He writes that some call the measures a ‘mistake’. He, however, believes it to be “betrayal and sabotage”. “Everything that the current government is doing is a demonstration that the occupied cities of Ukraine and the people living in them, waiting for liberation, are already not Ukraine and not its citizens. And it looks as though nobody was or is planning to free Donbas, and all these thousand deaths are merely a bloody spectacle. The establishing of borders, the rejection of their citizens in occupied territories, that is nothing but the government’s acceptance of DPR with its borders and the legalization not of a terrorist organization, but a new improvised structure”. The author writes that if Ukraine’s leaders were really concerned about Ukraine remaining whole, they would do everything so that the entire country was working for victory. Instead, he says, there are volunteers, patriots, who are bringing food and clothes to help those in need, many are sacrificing their own health, fighting and dying while others live their ordinary lives, watching reports on their TV screens about some kind of war.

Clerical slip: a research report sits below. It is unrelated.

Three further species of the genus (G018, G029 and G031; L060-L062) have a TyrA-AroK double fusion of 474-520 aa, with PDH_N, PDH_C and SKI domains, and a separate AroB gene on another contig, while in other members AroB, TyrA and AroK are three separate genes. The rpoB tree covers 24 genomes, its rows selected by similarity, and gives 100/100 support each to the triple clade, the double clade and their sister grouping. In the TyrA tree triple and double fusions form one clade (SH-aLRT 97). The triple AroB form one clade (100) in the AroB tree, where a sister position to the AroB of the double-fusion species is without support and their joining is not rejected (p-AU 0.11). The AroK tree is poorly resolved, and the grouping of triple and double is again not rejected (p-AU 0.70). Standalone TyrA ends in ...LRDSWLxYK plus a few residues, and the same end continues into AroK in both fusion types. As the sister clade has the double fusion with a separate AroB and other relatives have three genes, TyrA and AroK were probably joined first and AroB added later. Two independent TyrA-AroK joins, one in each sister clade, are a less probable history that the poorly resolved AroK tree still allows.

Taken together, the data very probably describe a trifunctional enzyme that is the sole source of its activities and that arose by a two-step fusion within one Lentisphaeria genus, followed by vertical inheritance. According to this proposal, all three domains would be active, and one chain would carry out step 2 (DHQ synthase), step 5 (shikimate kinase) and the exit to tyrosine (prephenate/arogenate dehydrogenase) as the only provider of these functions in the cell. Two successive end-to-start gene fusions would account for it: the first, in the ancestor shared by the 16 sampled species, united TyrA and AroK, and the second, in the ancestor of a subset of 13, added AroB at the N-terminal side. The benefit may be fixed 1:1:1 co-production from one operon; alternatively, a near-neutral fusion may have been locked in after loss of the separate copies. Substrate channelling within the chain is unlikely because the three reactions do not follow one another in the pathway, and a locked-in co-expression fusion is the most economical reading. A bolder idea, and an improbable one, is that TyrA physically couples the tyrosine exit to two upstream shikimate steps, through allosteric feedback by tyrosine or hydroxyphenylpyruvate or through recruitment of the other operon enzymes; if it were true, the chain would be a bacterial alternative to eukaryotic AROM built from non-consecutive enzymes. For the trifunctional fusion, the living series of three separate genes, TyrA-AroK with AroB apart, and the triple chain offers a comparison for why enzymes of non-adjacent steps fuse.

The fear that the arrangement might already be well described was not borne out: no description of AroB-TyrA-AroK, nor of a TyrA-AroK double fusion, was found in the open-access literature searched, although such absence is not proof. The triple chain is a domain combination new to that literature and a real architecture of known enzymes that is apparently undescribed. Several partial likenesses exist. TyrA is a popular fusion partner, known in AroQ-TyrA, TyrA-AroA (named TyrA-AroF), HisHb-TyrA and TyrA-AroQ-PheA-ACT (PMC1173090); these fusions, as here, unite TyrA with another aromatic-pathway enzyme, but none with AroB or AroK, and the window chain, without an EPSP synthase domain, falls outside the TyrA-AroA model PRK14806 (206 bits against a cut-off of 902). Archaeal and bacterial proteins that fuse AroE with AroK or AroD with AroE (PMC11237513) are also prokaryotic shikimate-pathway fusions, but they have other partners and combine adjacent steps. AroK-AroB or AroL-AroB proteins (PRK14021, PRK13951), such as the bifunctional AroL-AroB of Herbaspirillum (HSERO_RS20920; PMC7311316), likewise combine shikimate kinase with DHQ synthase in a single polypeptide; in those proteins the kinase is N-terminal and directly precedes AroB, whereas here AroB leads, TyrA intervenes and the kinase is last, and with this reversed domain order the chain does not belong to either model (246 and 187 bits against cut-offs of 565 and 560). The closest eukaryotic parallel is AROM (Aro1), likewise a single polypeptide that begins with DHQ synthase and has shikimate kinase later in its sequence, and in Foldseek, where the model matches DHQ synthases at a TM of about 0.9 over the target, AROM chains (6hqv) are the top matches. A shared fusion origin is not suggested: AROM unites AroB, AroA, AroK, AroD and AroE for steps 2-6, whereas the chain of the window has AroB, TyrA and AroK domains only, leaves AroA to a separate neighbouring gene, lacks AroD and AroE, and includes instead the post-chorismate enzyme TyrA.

This is perhaps the brutal truth about most conflicts where those not directly involved observe from a safe, and comfortable, distance. The situation here is, however, different. The government’s reasoning behind the latest moves is clear and can be understood but, without providing realistic assistance for all those trapped by the fighting, the new measures will leave many simply abandoned – and those who have remained in Donbas tirelessly helping other Ukrainians in their own country feeling understandably betrayed.